What a whirlwind it has truly been since leaving Moffitt to come back to my parents home in Bonita Springs. Although liberating for the most part, it is adjusting to the new normal that seems to have me “stressing.”
I have to remind myself continuously that I have finally been freed from the black cloud that hung over my head a week or two before monthly visits to the oncologist back in Baltimore. Have a gratitude that I had a sibling, perfect match to donate marrow and do the T reg trial to prevent the most common complication, GVHD. That I overcame acute liver failure and that even in my darkest hours which I have little to no recollection of but remembering to breathe, my soul fought hard to bring my body back to life, to get to this place and the many places I will go from here. I have to remember that there is a bigger purpose in all of this, that this is truly the journey to the “One and Allie.”
BUT…..to say all of this is not “easy” would be a huge understatement. This is not for the weak. Truly. My fellow warriors are INSPIRING, as you have to want to LIVE and fight for your future.
I remember the stress of the leading up to the transplant. It started with choosing where to have transplant, it felt like I remembering thinking, “I am entering the Wild Wild West.” Funny enough, we do manifest our own thoughts, the Moffitt transplant unit is 3 West and 4 West. The 30 days leading up to the transplant were filled with meetings and classes about the could happens, would happen and dos and donts post transplant. (sadly they breezed over Venus Occlusive Disease) All these classes were necessary but certainly daunting when I look back. However, I would not accept defeat and I knew I would prevail, even if it meant going dark for a few days on Defitelio (the drug used to reverse my VOD).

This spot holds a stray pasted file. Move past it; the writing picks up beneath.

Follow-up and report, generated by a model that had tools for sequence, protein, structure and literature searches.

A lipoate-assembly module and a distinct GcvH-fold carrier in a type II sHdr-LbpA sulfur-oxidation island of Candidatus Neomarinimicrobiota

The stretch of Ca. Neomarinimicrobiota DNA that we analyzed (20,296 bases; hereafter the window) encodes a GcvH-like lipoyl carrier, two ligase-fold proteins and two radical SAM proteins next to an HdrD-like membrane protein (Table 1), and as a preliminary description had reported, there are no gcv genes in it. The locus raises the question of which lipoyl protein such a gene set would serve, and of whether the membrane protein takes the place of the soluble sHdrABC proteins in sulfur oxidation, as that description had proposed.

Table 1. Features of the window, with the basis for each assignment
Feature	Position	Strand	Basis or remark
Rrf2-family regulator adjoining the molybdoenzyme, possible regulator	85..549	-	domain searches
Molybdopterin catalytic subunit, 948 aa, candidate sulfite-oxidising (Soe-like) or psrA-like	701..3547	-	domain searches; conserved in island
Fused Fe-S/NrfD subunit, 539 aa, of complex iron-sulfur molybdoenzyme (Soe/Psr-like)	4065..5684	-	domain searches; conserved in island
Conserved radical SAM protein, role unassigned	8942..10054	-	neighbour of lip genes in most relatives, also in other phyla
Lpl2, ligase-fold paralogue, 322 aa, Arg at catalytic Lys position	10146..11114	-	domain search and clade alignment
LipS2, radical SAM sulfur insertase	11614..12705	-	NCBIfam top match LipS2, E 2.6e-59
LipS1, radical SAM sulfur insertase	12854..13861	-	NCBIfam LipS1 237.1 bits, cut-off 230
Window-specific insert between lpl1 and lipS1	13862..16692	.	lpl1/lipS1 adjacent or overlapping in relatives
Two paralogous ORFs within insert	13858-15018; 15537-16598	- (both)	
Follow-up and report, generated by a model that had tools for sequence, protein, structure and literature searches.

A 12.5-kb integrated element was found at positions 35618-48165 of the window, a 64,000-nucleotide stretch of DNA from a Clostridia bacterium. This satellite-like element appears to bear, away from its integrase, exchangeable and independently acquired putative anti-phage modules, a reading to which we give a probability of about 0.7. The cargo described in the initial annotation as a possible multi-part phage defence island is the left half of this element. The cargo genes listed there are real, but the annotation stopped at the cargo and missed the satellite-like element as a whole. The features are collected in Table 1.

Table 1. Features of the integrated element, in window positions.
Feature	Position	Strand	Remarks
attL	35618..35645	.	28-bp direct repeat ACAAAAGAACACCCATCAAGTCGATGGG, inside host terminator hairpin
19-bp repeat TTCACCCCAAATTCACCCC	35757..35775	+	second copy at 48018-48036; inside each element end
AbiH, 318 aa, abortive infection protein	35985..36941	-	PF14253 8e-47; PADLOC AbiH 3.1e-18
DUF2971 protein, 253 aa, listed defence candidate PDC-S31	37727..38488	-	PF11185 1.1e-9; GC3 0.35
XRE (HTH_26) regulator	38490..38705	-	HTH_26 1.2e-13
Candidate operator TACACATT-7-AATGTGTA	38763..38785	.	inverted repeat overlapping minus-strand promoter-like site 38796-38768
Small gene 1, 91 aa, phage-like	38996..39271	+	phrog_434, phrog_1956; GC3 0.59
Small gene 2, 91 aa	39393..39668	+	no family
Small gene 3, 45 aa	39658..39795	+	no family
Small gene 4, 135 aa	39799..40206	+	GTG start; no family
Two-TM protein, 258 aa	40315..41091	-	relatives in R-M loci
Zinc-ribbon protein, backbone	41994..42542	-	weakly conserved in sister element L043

Those days feel like ages ago, as the truth is, as of late, as my body resets itself and becomes 100% Tony, I have daily struggles. Most recently the forefront of my struggles has been with mood swings as a result of hormone therapy given in high doses to preserve my fertility. As a woman this was one of the most heart-wrenching conversations to have at the age of 32, but it had to be done prior to the transplant. Unfortunately the aftermath of hormone therapy in high doses can last anywhere from 3-6 months post treatment. We are at month 1.5. My mini-meltdowns over some of the most minute details of daily life are disappointing, as I do not like the feeling of not having control of my emotions. 2019 will bring lots of balance in this department. Salut!
I also at times find myself fighting exhaustion from disrupted sleep. This is most likely as a result of my immune suppression as well as being in the hospital for so many days, only sleeping for maybe 3-4 hours at a time. I have even started skipping my afternoon snooze most days with hopes my nights will have better, more restorative sleep.
My skin, the initial stressor post transplant, has turned into an art project. The bumps have gone away thanks to a dynamite dermatologist down here in Bonita, but I am peeling this beautiful (ha) “Busulfan” tan from one of the chemos still. At times it is hard to even recognize the person I once was, at a 121 lbs of splotchy skin and bones, the larger than life, loving and always laughing Allie seems a distant memory most days. I know soon enough I will be smiling again more often than I am sad, that I am truly in the cocoon, waiting for my butterfly wings to fully develop, shedding the old skin so I can fly to places much happier than these mood swings, mini-meltdowns and many sleepless nights. I will fly to places where I am free of cancer reminders, free of fear itself, and free of formidable stress.
This too shall pass…..and in this moment I am grateful to share my story and to be here to tell it now and for the many days to come.